Stephanie Mayer, Coordinator at the Family Violence Institute, has been involved in the domestic and sexual violence field for nine years. She joined the team in September 2012 after four years at the Arizona Coalition Against Domestic Violence (AzCADV). Throughout her time at AzCADV, she was the staff liaison for their involvement in fatality review and served on five teams throughout the state. She also tracked deaths and analyzed trends in the state and used the information to create a policy document which stakeholders utilized in various types of advocacy. Outside of her involvement in DV related deaths, she coordinated a statewide domestic violence/sexual violence reproductive health project funded by Futures Without Violence from 2010-2012, heading a multi-disciplinary Leadership Team and organizing and implementing trainings around the state. Prior to taking on that role, she served as a Systems Advocate focused on policy issues. She also previously lived and worked in western Massachusetts, designing and implementing primary and secondary violence prevention curricula for schools and community-based programs. She graduated from Arizona State University, where she was involved in anti-violence against women programs and campaigns.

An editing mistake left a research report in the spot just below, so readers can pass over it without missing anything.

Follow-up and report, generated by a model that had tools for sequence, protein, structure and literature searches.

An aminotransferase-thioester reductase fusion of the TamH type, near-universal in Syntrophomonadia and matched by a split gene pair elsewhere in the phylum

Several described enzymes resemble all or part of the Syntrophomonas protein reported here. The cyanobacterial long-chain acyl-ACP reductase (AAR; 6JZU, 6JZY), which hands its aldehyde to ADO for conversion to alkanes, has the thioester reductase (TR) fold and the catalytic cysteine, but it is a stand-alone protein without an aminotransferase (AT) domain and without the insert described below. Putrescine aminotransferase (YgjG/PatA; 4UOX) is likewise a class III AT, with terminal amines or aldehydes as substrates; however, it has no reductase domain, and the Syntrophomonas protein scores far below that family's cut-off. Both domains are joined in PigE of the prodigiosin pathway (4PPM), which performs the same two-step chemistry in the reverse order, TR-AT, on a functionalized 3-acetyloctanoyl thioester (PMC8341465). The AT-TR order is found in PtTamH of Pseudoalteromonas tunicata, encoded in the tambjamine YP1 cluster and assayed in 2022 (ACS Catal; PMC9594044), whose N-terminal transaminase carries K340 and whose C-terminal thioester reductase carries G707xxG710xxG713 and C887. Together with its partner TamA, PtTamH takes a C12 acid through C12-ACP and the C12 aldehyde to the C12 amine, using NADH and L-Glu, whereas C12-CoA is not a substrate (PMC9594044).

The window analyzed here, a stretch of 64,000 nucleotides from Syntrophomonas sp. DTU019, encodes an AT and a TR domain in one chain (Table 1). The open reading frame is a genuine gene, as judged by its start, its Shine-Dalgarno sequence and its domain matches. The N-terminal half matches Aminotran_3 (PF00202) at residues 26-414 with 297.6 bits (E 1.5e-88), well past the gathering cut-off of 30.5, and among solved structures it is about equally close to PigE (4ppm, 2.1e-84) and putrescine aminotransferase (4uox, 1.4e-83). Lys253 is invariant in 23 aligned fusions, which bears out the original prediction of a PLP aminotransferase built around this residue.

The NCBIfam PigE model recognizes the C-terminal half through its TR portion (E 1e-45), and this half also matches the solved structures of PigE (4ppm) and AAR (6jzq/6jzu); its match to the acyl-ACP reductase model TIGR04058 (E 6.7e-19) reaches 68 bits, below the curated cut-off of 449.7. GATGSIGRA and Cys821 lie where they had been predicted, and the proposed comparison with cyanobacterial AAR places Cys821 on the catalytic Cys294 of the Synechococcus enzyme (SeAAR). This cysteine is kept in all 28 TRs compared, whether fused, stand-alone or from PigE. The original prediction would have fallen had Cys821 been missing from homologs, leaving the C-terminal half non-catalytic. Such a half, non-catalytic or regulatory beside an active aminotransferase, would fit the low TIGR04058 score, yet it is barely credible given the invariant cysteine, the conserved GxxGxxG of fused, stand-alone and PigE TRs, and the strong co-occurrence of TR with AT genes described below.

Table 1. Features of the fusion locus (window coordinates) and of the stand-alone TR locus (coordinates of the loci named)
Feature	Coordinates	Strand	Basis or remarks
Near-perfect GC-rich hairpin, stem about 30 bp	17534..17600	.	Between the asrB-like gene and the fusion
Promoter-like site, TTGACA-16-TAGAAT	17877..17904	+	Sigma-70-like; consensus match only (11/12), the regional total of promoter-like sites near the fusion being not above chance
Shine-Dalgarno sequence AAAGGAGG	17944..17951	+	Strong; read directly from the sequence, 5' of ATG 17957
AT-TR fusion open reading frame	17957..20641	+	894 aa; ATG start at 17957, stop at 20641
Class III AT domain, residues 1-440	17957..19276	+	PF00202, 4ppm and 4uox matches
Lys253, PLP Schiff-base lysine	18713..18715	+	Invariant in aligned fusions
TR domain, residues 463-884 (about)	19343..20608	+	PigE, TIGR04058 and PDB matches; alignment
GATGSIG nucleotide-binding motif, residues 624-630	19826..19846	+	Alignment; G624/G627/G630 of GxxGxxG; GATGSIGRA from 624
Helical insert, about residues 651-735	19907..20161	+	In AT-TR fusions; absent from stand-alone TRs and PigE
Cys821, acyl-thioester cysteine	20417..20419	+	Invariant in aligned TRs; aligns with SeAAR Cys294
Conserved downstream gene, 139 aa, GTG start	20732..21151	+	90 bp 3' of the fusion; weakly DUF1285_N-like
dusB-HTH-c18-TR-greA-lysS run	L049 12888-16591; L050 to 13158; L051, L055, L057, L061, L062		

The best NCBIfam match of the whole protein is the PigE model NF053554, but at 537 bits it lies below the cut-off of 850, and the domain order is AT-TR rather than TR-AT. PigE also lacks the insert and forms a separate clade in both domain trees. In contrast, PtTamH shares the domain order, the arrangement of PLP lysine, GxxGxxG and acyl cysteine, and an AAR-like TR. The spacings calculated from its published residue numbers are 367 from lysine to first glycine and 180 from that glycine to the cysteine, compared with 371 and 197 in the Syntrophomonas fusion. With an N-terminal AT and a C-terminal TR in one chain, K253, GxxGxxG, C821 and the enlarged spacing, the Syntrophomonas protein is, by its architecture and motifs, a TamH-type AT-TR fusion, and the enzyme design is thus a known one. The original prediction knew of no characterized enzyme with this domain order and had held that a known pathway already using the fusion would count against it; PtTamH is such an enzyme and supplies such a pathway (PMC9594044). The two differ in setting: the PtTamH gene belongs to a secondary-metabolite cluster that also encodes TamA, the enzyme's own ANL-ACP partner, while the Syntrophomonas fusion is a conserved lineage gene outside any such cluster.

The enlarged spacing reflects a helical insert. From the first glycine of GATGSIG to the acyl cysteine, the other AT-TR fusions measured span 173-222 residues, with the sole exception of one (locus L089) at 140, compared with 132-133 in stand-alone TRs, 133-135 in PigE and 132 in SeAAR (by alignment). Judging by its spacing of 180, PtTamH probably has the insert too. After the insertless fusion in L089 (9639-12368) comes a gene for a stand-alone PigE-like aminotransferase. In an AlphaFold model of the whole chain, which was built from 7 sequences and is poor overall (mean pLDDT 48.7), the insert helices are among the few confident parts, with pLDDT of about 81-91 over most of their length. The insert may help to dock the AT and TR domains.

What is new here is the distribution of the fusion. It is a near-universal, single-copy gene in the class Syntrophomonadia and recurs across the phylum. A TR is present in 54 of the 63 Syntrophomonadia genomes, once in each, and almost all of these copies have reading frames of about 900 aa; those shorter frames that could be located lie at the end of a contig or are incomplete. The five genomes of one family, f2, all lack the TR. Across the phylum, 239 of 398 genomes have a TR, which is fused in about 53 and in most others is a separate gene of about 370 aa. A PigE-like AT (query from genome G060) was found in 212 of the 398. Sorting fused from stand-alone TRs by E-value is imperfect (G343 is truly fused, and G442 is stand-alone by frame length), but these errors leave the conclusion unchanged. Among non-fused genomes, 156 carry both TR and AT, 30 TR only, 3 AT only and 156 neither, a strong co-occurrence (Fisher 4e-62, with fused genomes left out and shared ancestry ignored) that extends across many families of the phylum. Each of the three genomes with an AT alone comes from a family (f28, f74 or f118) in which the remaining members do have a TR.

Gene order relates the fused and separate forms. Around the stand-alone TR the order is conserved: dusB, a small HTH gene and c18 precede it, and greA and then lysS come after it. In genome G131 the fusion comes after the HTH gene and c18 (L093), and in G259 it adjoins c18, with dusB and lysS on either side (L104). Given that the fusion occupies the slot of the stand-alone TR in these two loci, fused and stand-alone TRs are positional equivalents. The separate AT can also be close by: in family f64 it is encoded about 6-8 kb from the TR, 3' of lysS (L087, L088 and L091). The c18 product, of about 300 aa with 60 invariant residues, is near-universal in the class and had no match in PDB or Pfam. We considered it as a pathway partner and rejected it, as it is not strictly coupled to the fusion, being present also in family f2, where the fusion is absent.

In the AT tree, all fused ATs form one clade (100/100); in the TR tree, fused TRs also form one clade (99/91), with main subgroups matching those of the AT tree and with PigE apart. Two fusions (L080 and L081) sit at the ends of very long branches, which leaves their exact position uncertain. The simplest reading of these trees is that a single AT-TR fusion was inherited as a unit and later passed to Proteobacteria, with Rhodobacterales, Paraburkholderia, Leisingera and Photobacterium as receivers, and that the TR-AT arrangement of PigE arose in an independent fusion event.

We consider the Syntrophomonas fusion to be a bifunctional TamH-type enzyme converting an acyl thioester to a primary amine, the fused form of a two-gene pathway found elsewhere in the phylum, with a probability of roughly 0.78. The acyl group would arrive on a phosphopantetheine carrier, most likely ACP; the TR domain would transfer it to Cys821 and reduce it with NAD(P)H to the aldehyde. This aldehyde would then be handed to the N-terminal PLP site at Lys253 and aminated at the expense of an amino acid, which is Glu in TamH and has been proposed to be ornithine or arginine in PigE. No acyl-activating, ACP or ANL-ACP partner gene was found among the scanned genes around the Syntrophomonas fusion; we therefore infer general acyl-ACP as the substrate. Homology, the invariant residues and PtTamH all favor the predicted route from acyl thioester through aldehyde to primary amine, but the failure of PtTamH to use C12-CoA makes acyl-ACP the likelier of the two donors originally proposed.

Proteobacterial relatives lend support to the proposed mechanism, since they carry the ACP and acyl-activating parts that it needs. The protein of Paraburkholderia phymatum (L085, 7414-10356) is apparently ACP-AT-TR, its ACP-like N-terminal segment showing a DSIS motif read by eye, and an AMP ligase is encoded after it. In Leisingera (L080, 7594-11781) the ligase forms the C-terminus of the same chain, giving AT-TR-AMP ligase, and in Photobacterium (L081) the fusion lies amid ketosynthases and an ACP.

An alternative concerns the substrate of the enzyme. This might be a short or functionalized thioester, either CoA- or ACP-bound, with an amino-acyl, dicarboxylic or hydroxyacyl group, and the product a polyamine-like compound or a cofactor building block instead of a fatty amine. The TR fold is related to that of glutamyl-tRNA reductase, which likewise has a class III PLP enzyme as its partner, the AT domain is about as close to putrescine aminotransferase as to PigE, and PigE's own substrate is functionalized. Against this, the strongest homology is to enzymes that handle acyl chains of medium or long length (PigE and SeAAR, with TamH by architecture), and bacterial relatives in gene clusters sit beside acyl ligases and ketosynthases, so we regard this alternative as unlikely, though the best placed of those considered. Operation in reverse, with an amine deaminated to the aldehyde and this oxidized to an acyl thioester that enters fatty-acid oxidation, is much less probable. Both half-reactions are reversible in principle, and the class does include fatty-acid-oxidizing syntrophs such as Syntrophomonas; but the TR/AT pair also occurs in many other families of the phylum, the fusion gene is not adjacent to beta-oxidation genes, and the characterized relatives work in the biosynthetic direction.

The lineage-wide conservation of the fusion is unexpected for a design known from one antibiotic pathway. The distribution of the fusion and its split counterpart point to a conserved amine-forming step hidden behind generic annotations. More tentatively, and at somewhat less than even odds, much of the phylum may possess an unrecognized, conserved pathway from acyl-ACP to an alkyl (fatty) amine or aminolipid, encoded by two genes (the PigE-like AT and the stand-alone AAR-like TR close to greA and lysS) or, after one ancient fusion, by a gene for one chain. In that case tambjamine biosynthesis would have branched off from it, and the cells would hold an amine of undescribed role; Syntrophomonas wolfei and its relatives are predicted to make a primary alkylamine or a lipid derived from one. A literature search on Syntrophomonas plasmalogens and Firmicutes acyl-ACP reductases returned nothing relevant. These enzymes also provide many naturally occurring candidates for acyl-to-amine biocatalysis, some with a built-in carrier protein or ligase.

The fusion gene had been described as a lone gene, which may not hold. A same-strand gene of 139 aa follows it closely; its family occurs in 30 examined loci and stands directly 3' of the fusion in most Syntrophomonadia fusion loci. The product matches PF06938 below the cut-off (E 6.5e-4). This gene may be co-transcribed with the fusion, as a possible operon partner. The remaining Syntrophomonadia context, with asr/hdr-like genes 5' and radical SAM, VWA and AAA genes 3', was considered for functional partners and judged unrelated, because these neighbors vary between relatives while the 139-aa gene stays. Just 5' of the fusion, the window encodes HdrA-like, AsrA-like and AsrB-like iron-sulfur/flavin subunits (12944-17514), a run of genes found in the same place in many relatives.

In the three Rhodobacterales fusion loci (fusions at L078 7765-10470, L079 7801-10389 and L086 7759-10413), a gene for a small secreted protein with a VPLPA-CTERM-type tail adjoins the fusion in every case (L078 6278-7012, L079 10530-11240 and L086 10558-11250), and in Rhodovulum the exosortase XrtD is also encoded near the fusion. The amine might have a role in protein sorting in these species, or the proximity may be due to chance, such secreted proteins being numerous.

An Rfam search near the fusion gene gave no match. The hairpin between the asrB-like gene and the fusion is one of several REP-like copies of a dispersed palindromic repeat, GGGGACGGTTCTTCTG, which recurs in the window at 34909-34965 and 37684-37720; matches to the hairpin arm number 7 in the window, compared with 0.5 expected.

Nitika Sharma, Ph.D.
Nitika Sharma, a post-doctoral fellow at the Family Violence Institute, joined the institute in the summer of 2014. She graduated in the spring of 2014 from the University of Colorado, Boulder. Her doctoral dissertation explored and analyzed the fixity and fluidity of menstruation rituals among Hindu women of Nepalese origin. Her research interests are in the areas of gender inequality, gender-based violence and qualitative research. In her graduate career, in addition to her dissertation research, she began research on the Bhutanese refugee population resettled in the U.S. and also initiated a research project with Dr. Amanda Shigihara to examine the dynamics of voluntary childlessness. At the FVI, she primarily explores grant opportunities and participates in ongoing and new research projects.
Adrienne Celaya, Ph.D.